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Discharge (m0 sec-1)

Figure 10.2. Relationship between freshwater discharge and water residence time (A), GPP (B), and light penetration (C) in the estuary during 25 cruises conducted during the spring, summer, and fall of 1994, 1995, and 1997. Open symbols represent times when tidal amplitude was < 1.15 m;dark symbols represents tides greater than 1.15 m. The dashed line in (B) represents the approximate value for GPP above which an estuary is considered to be hypereutrophic. Discharge data are from the USGS monitoring station at Green Island and represent approximately two-thirds of the total discharge into the estuary. Reprinted from Howarth etal. (2000a).

bottom sediments. Estuaries have been classified as eutrophic when annual production ranges between 300 and 500 g C m-2 y-1, and as hypereu-trophic when annual production exceeds 500 g C m-2y-1 (Nixon, 1995;NRC, 2000). This corresponds to a daily production rate of 2 to 3 g C m-2 d-1 on average during the active growing season (NRC, 2000; Howarth and Swaney et al., 2000). Thus, the saline Hudson estuary would be considered hyper-eutrophic during neap tide periods when freshwater discharge is low, but not when discharge is high (Fig. 10.2B).

Prior to our measurements in the 1990s, the only published data on rates of primary productivity in the saline Hudson estuary were from studies in the early1970s. Then rates were generally less than 1 g C m-2 d-1 and were never higher than 2 g C m-2 d-1 (Malone, 1977; Sirois and Fredrick, 1978). These lower primary production values are consistent with our measurements during the 1990s for periods of high discharge, and in fact the decade of the 1970s was a wetter decade with generally higher rates of freshwater discharge (Fig. 10.3). Average summer discharge rates at Green Island exceeded 200 m3 sec-1 in most of the years of the early to mid 1970s and exceeded 300 m3 sec-1 in every year except 1972. The resulting high flushing and corresponding low rates of productivity during that period gave rise to the thought that the Hudson estuary is relatively insensitive to eutrophica-tion despite the very high nutrient concentrations present (Garside et al., 1976; Malone, 1977; Bricker etal., 1999).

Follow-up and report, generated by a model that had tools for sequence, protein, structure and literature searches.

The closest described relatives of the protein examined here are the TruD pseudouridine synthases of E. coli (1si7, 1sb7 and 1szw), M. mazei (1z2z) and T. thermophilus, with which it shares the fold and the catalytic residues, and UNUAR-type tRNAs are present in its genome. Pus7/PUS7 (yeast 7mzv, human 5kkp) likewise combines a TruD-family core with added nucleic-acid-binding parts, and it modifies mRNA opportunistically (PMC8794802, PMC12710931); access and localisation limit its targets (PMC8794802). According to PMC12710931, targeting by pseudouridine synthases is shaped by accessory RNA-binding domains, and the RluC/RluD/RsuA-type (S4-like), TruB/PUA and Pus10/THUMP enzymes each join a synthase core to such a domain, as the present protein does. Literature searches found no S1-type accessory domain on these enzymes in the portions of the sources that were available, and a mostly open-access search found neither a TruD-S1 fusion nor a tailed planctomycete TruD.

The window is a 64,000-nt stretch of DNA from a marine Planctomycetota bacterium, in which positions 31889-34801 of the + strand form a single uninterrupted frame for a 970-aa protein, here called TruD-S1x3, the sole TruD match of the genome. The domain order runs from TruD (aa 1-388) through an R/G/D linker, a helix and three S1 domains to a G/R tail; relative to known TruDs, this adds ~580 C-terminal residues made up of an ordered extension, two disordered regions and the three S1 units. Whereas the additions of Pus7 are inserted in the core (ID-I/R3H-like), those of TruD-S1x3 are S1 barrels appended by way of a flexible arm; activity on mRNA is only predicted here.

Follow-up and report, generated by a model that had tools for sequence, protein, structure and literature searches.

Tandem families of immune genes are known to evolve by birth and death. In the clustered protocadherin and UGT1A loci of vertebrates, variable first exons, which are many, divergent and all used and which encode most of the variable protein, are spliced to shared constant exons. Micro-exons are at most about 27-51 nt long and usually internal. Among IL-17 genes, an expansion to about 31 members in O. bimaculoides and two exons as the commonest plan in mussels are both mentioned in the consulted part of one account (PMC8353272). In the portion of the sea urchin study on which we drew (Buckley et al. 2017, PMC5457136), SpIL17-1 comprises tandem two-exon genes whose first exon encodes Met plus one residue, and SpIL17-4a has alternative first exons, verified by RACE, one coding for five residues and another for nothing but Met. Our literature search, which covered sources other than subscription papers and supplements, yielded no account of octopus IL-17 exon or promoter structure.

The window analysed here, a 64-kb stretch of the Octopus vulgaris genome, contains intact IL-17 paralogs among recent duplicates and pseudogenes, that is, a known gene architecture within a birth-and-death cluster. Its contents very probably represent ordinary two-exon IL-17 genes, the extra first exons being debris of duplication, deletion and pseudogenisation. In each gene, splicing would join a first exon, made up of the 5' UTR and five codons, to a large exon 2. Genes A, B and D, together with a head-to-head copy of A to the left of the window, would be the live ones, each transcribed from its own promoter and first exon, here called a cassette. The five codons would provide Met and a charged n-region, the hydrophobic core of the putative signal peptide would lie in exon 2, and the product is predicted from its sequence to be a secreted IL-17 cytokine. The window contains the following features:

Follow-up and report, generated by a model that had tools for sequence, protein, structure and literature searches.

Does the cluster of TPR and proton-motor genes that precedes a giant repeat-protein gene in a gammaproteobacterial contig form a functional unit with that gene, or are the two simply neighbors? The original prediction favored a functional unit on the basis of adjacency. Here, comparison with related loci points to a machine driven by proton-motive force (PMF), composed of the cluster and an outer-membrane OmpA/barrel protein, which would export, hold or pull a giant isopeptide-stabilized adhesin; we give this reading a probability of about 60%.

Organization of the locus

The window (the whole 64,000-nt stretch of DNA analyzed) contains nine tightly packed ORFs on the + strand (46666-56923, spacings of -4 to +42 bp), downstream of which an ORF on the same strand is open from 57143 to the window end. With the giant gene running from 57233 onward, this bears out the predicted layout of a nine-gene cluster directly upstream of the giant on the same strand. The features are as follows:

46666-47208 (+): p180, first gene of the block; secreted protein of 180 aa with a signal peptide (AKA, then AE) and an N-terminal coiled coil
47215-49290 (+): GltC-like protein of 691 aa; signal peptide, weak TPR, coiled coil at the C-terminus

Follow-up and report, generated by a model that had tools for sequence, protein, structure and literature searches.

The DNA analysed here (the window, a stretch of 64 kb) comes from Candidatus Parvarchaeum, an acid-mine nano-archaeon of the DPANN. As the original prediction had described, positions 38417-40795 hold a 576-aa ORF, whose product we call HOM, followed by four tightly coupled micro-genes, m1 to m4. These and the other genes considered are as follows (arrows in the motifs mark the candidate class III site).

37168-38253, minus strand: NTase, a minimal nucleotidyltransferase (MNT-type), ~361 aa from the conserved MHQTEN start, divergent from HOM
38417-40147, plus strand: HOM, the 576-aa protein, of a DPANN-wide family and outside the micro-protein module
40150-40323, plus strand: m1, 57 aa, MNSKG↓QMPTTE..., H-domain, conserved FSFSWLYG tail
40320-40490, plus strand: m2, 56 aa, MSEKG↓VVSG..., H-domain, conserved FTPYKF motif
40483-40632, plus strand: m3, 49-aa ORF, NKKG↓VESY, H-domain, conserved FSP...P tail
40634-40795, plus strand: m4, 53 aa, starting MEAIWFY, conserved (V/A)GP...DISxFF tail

Different methods were used to measure productivity in the 1970s than in the 1990s, which can complicate direct comparison of the data sets. The measurements in the 1990s were made from in situ changes in dissolved oxygen concentrations over a diel cycle (Swaney et al., 1999), whereas the measurements in the 1970s were made by the 14C method (O'Reilly et al., 1976; Malone, 1977) and by the light-dark bottle method (Sirois and Fredrick 1978). The in-situ oxygen technique would be expected to give a more reliable and most likely higher estimate of gross primary production (GPP) than the other two methods (Swaney, Howarth, and Butler, 1999; Howarth and Michaels, 2000). The 14C method in particular would be expected to give a lower estimate, as it measures a rate of carbon fixation somewhere between net and gross primary production (Howarth and Michaels, 2000). Nonetheless, the apparent increase in production between the 1970s and the 1990s is probably real at least in part, as chlorophyll levels were also higher in the 1990s, while rates of production per

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